Meet Katie Newman | Evolution Performance Trainer (Gainesville, VA)
Katie is originally from Alexandria, VA and has been involved in the world of sports since the age of six. Growing up in Northern Virginia, she played high school sports, mainly basketball and lacrosse, as well as year-round AAU basketball for the Fairfax Stars and Cardinals. Katie has remained heavily involved in training and coaching over the last 10 years, and is passionate about everything health and fitness. She is a certified Nutrition Coach from Precision Nutrition, Crossfit Level trainer, and Adaptative and Inclusive Athlete Trainer. She is also an Evolution Basketball Clinics trainer and has helped coach teams with Team Evolution. She graduated from Virginia Tech with a bachelor’s degree in Human Development and Salisbury University with a bachelor’s degree in Nursing. Katie serves in the United States Navy Reserves as an RN and has experience training active-duty military members inside and outside the gym for the past five years.
Below Katie answers a series of questions:
- What are the benefits of performance training for basketball?
- What are the areas of focus?
- What separates his program from the competition?
- What are some misconceptions about youth players and performance training?
What are the benefits of performance training for basketball?
The benefits of performance training can be astronomical to the athlete, especially if they have the desire to take their performance to the next level and want to play in college or beyond. Exposing youth athletes to performance and strength training can help support healthy bone and joint development, reduce injuries, decrease recovery time, improve brain function and mental health, and so much more.
How can it be useful in the game of basketball? Basketball is such an explosive, physically demanding sport that requires a great deal of physical stamina, strength, and mobility. Change of direction, jump height, sprint speed, and conditioning are just a few of many things that can be improved off the court with performance and strength training.
What are the areas of focus of your performance training program?
I am a big believer in ‘Slow is Smooth, Smooth is Fast’. When it comes to performance training and coaching, I really focus on the fundamentals and making sure that athletes are performing safe and effective movements and building a good foundation in strength movements. I compare it to teaching an athlete how to make a layup or a jump shot – one step at a time. I’m not going to have my athlete practice 3-pointers if they still can’t pick the correct leg up on a layup and I’m not going to have an athlete put a barbell on their back if they can’t do an air squat properly.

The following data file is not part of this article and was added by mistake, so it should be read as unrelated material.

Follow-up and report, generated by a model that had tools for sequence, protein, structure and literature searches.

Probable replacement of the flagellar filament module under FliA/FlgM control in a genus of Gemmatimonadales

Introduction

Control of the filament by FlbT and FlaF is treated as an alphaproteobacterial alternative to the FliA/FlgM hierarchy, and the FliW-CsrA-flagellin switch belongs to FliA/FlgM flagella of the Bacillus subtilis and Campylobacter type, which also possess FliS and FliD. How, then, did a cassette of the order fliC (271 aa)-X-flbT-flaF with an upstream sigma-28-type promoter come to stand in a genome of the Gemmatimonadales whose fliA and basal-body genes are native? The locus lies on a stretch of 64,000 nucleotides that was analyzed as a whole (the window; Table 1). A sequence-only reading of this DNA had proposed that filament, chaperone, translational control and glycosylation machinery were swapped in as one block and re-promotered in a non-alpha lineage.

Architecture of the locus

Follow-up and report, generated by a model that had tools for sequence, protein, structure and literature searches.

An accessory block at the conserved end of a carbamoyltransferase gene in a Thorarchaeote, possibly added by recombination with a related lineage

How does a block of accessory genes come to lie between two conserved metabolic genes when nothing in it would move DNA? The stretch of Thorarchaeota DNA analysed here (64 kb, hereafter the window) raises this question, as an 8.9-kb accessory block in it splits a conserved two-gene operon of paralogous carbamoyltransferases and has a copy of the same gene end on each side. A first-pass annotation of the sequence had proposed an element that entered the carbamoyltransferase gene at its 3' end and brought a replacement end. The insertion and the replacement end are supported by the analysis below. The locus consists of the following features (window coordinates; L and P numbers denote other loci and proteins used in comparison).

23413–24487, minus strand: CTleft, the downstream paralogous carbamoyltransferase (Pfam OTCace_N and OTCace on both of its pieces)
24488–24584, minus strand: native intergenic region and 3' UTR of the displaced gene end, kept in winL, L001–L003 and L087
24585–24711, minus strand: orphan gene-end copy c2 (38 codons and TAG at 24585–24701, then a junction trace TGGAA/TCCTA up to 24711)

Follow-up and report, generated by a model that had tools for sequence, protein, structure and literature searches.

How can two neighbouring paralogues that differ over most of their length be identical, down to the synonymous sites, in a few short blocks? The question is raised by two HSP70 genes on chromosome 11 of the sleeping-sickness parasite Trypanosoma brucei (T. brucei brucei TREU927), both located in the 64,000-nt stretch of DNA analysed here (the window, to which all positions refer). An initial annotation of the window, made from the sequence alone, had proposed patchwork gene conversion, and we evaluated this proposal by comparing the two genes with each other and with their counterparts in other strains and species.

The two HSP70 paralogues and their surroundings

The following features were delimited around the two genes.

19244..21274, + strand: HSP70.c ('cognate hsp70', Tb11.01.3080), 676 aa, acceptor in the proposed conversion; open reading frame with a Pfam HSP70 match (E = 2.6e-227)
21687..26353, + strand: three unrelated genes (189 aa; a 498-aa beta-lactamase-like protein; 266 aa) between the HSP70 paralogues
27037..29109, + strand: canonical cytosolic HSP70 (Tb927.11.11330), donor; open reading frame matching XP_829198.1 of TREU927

I like to utilize an array of different movements and workouts when I train athletes. There are fundamental movements that all athletes should be able to perform properly – squats, bench press, push press, and deadlifts. I really like to focus on these basic movements and then also incorporate different agility and conditioning drills that are specific to their sport.
In general, you can expect three phases to every workout:
- Phase 1: Flexibility and Mobility
- Phase 2: Speed and Agility
- Phase 3: Power and Strength
What separates your program from the competition?
What sets my coaching style apart from others out there is my innate ability to personally connect with my athletes and provide them with more than just a training program. I like to create relationships with my athletes and get to know who they are outside of the gym. I want to know what their goals are, be there as a mentor to help them achieve their goals, and educate them on more than just training. In the gym, I am not shy about pushing my athletes and getting them to where I know they can perform well while also making it a fun and enjoyable experience.
What are some misconceptions about youth players and performance training?
I have always believed that ‘Strong is Cool’ and it’s one of my passions that I want to pass on to the younger generation, especially young females, that want to be outstanding athletes. Girls belong in the weight room just as much as the boys, and being a role model for young athletes that want to get into the gym is one way I want to create impact for my athletes. As a female trainer, I think it is so imperative that youth athletes get involved in strength and performance training. Being an athlete does not stop when players walk off the court and I believe that performance training plays a key role in overall athlete development, creating stronger players both physically and mentally. Getting youth athletes into a strength training program helps develop healthy and strong movement patterns, creates confidence on and off the court, and can help prepare athletes who are looking for ways to outshine their competition.
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